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Thread: Cookie Exchange??

  1. #1
    Join Date
    Jun 2002
    Location
    San Diego, CA
    Posts
    730

    Cookie Exchange??

    After waiting years for any of my girlfriends to start a cookie exchange/holiday tradition I've decided to go ahead, take the plunge, and do it myself!

    was hoping for some "helpful hints/tidbits" to help to make my party a success! like: how many cookies should each person bring? how are the cookies dividid up? should everyone bring a handful of recipes?? should i keep track of the "kind" of cookies each person is bringing so there isn't 2 of one kind??

    thanks in advance for all the helpful hints!
    debbie
    It's easier to beg forgiveness then to ask permission!

  2. #2
    Join Date
    Nov 2004
    Location
    New Mexico
    Posts
    436
    In my group, each person brings several dozen of the same kind of cookie. The number of cookies depends on how many are participating. We usually have about 10-12 people. If 10 people are participating, we bring 10 dozen. Each person gets 1 dozen from each of the other 9 people and the 1oth dozen is for munching at the party. We have the party on a Sunday afternoon in mid-December. The hostess will usually have simple appetizers and wine or soda . . . and of course the cookies. We spend about 2 hours gossiping and catching up on the past year, then take home 9 different kinds of cookies. This has worked well for at least 10 years. There is a core group and various others move in and out over the years. The rules are: no store bought cookies, and you MUST show up! Even if you can't attend, you must send your cookies.

  3. #3
    Join Date
    Jun 2002
    Location
    San Diego, CA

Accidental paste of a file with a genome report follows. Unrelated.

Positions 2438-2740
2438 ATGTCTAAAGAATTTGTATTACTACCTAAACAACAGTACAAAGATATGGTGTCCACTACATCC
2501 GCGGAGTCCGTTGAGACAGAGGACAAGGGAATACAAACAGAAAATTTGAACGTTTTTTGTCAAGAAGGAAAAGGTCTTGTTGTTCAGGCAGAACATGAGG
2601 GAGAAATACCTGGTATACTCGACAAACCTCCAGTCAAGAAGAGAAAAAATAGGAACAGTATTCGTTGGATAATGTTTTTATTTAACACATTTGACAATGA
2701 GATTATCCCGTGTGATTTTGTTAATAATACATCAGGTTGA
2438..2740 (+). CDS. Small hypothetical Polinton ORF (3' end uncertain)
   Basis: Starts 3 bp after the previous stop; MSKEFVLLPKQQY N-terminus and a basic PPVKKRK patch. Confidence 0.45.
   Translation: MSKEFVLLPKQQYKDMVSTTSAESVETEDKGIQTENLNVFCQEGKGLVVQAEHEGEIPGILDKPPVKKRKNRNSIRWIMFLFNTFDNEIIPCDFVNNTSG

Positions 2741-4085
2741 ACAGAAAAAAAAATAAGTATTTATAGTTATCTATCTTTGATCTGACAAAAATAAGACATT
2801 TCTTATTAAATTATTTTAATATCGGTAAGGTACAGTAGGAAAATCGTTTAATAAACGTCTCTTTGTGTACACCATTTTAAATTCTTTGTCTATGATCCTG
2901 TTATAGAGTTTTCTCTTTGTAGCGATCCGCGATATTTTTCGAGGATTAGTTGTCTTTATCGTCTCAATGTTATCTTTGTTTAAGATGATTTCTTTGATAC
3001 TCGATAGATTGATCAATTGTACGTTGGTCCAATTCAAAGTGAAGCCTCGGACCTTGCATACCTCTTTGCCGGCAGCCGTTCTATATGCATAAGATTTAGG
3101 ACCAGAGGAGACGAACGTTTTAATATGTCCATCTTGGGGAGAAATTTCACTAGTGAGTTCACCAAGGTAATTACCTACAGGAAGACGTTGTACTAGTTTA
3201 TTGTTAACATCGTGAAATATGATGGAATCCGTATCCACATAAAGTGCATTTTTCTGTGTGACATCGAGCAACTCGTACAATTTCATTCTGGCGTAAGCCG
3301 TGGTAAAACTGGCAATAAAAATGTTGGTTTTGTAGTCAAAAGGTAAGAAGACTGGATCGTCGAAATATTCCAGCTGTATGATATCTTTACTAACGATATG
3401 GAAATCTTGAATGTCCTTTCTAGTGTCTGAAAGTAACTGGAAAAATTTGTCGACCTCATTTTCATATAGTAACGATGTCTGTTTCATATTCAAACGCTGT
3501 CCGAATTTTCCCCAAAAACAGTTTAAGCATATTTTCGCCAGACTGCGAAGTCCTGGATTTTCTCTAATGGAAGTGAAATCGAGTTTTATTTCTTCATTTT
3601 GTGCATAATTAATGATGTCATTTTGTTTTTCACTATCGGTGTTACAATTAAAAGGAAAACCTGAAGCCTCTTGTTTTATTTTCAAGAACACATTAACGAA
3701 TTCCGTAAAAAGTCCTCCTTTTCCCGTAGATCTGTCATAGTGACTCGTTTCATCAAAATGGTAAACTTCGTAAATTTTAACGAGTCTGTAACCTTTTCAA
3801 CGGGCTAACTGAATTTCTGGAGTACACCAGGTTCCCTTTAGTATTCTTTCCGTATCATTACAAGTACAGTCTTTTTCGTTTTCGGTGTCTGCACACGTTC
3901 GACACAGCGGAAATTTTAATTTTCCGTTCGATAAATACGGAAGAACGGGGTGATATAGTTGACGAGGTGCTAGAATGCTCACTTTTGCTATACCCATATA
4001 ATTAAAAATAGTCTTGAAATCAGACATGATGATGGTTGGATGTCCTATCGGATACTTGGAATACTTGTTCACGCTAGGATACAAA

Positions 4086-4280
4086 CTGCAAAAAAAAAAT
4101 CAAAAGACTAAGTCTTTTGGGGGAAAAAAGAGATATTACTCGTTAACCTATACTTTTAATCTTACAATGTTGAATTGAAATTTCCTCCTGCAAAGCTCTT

Posts
    730
    judy, thanks for the helpful ideas! 10 dozen cookies, really??? that seems like so much! do you package the cookies by the dozen for easy sharing & take home??
    debbie
    It's easier to beg forgiveness then to ask permission!

  4. #4
    Join Date
    Nov 2004
    Location
    New Mexico
    Posts
    436
    Yes, we package each dozen in holiday decorated plastic bags or on holiday plates wrapped with foil or plastic wrap. Part of the skill/art of participating in a cookie exchange is to choose a cookie that tastes good, looks good, and is not too expensive or time consuming to make in quantity. For example, I think I am making this recipe this year. I think I got this recipe off this BB. I always make a test batch before making my final decision. I've tried this recipe. It is fairly easy to make. Each recipe makes 70 cookies. That's 5+ dozen. I've found it is easier to make two separate recipes instead of doubling a recipe.


    * Exported from MasterCook *

    Turtle Bars

    Recipe By :Bon Appétit July 2003
    Serving Size : 70 Preparation Time :0:00
    Categories :

    Amount Measure Ingredient -- Preparation Method
    -------- ------------ --------------------------------
    2 cups all-purpose flour
    1 3/4 cups dark brown sugar -- (packed)
    1 1/2 cups unsalted butter -- (3 sticks) room temperature
    3 tablespoons whipping cream
    1 cup pecan halves -- toasted
    3/4 cup semisweet chocolate chips -- (about 5 1/2 ounces)

    Preheat oven to 350°F. Mix flour, 1 cup brown sugar, and 3/4 cup butter in processor until well blended and crumbly. Press mixture evenly into ungreased 9x13x2-inch metal baking dish. Bake until crust is light golden, about 15 minutes. Maintain oven temperature.

    Meanwhile, bring remaining 3/4 cup brown sugar, 3/4 cup butter, and cream to boil in small saucepan over high heat, stirring until sugar dissolves. Boil 1 minute, stirring occasionally. Remove caramel from heat.